Religion definitely does add a halo to our music and has helped in increasing its reach. Religious festivals and functions have always included concerts on their agenda. But does the religious background have a negative connotation? First of all, we have to accept that religion is a block to get people of other communities into the art. May be, but as in any field in India, we automatically sanctify and ritualise everything which makes the whole context different. This can be avoided.
The religious connection also affects the perspective of the people in the field. At times the priority tilts towards the religious rather than the music itself. The problem with this is that we forget that Carnatic music by itself can be a very deep and moving experience. There are concerts that have moved me to tears not because I understood the lyrics or because I pictured the gods or goddesses but because of the power of the music.
Religion also influences our view of the artiste or the composer. Thyagaraja, Muthuswamy Dikshithar or Shyama Shastri were musical geniuses and their compositions are masterpieces because they were extraordinary musicians. Their understanding of the musical idiom was par excellence. Their religious choices were personal which brought forth the lyrical outpourings. We sometimes tend to give the credit for their compositions to the Divine rather than to the individual. Only a change in this view can increase our understanding and respect for them.
This leads us to another closely connected area - bhakti. There are occasions when a rasika approaches a musician after a concert and tells him that the rendition of a song brought to his mind the Lord himself. Here we see bhakthi towards the Divine in the package of music. Now the question - was the artist deeply devoted to the god while singing? Yes, it is possible. But there is another possibility. The devotion could have been only towards the raga, the music and the art. The complete involvement and dedication to the music - devotion - bhakthi itself can be a spiritual experience. Bhakthi exists in our music irrespective of content. If not, a non-believer will never make a deep impact on the listener. It would be equal to saying that your religious choices make your music.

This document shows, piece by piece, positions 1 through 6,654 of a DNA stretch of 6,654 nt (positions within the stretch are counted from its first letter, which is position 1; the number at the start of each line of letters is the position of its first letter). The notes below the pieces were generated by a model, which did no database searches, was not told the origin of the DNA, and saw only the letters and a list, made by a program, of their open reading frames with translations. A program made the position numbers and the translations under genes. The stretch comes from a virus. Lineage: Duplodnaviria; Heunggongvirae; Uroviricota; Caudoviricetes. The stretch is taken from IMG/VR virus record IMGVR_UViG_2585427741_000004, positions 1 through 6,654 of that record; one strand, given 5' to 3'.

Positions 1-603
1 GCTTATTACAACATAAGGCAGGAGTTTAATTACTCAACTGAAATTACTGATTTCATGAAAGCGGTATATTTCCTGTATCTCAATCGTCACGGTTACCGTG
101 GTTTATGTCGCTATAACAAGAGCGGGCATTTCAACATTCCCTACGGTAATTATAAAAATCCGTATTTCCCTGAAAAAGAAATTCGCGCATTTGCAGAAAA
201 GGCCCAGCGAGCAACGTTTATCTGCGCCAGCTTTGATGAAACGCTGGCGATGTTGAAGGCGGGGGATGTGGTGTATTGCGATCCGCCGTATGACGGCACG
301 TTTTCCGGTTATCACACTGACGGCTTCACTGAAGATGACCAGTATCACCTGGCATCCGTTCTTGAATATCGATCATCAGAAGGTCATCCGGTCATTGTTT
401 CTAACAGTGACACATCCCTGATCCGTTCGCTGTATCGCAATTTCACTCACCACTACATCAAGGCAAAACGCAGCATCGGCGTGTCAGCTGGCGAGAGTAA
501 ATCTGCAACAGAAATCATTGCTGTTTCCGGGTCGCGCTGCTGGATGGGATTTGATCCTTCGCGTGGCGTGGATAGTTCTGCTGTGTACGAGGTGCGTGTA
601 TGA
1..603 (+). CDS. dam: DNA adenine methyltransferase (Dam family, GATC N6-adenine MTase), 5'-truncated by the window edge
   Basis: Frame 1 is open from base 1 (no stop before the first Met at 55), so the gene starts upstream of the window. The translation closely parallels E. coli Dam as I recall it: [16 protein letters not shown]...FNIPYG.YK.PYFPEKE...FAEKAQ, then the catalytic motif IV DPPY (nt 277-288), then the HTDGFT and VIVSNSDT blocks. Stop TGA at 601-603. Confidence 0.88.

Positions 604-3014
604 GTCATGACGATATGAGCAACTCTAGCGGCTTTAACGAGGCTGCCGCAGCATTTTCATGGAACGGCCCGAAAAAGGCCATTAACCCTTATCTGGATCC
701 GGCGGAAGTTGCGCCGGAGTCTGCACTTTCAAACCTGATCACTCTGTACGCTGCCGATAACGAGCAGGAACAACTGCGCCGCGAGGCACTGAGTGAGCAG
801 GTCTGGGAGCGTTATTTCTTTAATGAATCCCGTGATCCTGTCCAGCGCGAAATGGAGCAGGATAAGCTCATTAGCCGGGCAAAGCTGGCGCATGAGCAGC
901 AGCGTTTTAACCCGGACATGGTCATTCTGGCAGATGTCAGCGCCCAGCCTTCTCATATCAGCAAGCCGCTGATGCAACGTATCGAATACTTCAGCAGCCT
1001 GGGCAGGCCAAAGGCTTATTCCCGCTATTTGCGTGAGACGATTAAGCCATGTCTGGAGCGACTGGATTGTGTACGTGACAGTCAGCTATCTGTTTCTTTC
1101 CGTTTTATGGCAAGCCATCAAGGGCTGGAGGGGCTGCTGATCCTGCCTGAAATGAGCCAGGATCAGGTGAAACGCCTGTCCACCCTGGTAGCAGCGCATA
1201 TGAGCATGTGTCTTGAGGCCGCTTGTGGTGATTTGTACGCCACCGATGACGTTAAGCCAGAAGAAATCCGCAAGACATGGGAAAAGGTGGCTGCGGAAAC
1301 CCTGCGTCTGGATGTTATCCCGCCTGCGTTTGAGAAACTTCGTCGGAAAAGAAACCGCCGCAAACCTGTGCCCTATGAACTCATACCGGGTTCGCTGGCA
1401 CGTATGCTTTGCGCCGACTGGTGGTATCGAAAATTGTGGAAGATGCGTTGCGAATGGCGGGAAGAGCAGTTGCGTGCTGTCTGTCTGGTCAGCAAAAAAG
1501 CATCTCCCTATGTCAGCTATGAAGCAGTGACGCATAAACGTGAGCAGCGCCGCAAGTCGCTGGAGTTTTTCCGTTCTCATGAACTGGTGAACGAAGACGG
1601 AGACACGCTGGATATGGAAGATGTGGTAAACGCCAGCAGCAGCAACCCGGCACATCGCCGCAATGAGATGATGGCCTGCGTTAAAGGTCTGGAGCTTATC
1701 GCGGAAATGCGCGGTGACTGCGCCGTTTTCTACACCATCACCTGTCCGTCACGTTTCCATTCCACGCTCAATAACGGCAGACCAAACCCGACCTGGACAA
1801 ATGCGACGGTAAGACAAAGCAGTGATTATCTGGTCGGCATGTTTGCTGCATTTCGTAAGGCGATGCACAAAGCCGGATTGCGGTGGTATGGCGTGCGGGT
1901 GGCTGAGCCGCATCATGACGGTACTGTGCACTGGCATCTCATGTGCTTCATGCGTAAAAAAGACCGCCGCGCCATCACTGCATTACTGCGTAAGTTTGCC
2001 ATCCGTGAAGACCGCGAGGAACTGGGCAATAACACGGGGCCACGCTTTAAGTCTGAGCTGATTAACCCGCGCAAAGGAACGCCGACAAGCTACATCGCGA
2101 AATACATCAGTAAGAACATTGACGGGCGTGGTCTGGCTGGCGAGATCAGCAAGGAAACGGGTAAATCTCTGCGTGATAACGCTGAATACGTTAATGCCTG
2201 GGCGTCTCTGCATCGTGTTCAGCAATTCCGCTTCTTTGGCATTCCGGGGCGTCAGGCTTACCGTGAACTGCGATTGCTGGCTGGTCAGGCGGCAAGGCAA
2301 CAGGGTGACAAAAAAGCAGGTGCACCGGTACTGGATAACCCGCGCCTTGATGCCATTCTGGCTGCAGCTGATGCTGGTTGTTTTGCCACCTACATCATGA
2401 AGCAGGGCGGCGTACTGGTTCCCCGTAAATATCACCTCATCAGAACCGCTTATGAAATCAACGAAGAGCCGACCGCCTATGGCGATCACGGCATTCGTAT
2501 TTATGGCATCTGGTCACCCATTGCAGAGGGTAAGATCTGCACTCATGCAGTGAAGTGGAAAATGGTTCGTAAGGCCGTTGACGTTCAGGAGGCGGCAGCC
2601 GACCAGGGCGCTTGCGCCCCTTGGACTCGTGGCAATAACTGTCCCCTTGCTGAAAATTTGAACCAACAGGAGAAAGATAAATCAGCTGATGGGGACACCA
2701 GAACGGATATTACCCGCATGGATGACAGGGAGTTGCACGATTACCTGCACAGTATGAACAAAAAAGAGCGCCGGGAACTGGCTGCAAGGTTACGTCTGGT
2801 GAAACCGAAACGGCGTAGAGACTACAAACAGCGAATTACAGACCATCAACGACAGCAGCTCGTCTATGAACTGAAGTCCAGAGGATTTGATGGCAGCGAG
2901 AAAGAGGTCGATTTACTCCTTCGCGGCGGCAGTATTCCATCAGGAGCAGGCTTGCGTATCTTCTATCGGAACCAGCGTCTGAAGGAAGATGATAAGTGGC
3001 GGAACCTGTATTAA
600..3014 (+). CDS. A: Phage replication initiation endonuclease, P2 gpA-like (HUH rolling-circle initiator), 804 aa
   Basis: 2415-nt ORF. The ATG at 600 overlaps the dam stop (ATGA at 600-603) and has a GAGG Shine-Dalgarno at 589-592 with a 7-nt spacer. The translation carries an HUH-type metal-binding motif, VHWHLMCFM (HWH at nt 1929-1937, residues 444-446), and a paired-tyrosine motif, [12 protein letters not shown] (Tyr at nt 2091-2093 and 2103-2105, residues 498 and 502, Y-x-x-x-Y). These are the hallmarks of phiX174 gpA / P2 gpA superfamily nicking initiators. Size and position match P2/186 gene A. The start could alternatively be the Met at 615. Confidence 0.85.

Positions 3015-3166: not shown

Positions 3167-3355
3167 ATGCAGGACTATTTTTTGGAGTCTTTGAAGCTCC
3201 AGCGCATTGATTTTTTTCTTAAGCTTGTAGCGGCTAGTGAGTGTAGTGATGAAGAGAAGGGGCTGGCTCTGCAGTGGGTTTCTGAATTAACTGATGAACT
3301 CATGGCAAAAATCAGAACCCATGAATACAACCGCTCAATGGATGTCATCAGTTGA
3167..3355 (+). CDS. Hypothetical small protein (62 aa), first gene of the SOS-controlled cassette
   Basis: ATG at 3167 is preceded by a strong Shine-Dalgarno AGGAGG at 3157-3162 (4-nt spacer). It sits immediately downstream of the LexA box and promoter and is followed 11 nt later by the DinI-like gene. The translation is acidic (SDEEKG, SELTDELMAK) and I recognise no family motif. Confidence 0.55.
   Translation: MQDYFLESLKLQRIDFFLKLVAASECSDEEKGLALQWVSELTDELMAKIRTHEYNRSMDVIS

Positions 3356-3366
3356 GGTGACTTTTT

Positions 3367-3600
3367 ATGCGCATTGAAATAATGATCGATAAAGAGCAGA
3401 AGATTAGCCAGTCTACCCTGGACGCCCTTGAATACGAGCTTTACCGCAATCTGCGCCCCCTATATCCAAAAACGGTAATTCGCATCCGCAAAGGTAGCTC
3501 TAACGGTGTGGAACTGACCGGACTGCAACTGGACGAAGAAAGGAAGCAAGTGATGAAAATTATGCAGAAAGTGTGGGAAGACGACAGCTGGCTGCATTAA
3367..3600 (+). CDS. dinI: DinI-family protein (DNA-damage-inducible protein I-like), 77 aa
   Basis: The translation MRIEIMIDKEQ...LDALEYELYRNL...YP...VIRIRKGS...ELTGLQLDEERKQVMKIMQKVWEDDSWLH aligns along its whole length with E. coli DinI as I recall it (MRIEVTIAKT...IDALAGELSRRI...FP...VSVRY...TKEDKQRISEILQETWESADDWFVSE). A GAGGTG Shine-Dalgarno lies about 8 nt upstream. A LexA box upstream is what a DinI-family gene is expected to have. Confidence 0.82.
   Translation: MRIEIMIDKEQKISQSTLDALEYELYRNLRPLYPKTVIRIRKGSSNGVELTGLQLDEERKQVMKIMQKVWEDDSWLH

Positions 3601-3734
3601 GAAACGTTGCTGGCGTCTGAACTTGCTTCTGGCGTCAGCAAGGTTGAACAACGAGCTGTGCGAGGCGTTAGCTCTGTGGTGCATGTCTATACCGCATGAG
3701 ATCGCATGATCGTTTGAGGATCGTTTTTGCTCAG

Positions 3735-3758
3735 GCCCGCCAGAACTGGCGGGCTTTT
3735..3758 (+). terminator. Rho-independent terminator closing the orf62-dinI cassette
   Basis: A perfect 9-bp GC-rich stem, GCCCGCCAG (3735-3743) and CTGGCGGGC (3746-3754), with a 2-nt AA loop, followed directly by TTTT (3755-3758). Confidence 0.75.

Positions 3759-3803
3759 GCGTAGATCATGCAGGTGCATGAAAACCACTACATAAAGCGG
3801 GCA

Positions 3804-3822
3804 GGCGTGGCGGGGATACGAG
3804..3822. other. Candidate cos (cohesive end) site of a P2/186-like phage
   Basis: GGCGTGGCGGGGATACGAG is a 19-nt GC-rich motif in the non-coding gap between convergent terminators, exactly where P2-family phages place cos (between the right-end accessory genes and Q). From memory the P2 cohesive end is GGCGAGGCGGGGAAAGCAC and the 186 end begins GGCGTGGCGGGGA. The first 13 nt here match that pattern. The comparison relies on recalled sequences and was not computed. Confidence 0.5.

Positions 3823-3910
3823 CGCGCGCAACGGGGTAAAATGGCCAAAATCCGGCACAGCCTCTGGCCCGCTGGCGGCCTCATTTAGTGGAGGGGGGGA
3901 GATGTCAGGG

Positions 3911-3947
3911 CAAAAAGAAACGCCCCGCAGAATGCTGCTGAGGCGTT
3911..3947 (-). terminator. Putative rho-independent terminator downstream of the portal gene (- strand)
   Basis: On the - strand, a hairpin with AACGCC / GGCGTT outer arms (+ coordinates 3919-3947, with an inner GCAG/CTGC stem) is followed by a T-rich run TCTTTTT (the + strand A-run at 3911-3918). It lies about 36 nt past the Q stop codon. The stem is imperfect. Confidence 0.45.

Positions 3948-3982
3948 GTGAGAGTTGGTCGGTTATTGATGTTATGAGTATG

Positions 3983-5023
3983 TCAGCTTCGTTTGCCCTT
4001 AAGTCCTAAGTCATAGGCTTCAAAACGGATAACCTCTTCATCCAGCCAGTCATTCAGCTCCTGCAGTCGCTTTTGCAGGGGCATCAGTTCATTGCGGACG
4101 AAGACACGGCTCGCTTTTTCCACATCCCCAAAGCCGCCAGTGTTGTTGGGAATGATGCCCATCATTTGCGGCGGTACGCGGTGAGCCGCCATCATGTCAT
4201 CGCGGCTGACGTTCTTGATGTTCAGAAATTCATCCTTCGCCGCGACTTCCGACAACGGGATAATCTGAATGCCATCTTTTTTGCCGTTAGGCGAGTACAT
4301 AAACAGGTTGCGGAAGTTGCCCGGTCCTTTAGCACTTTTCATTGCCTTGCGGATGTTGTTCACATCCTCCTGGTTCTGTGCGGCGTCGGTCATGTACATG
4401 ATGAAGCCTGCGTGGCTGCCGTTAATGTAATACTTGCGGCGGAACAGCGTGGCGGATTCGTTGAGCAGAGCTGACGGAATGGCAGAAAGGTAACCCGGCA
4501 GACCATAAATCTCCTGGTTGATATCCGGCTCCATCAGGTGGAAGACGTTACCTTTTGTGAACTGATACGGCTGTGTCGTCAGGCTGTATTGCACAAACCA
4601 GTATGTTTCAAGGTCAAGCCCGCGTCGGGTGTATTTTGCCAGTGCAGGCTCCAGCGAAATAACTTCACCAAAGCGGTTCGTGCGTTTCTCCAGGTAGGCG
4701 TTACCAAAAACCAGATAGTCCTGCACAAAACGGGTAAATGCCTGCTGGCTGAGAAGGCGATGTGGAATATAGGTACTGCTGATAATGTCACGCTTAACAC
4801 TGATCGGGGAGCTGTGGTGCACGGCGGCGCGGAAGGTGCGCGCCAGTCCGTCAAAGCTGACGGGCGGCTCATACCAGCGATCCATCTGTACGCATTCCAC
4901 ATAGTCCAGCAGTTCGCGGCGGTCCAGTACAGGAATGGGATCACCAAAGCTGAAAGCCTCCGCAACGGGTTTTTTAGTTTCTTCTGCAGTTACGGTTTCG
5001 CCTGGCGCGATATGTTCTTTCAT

Music itself is a religion to some. "If religion is a system of faith and worship, that is what music is to me. It is possibly something that I have all my faith on, something that I do and think about most of the time," says Bombay Jaishree Ramnath, Carnatic musician. For a sculptor, it does not matter whether he is sculpting a bird, human or Siva. To him the experience of the medium of his expression, "sculpting", is the divine. This is something we seem to forget with regard to Carnatic music.
It is more important that we understand Carnatic music as an art form, if it has to spread and flourish in the new millennium. Respect and reverence has to be given to the art for its depth, intensity and grandeur, as art music. Its lyrical content is a personal choice made by the composers and does not define the music.
The raga, tala, thanam and the aesthetics of the krithis constitute Carnatic music. The spirituality that we derive from the music is by itself a journey of bliss. Carnatic music is definitely an art that gives us emotional and intellectual satisfaction.
The growth and development of Carnatic music through the centuries is a testimony to the greatness of the Indian mind. The way the music has changed, adapted but at the same time retained its core, is a wonderful feature. From the days of the thevaram to today, Carnatic music has had a glorious growth and will continue to do so. It needs to be taken to the international arena parallel with any other classical form. This can be achieved if we understand it in the right perspective and don't lose it to religion. This is not a call to discard religion from music but a call to understand carnatic music independently.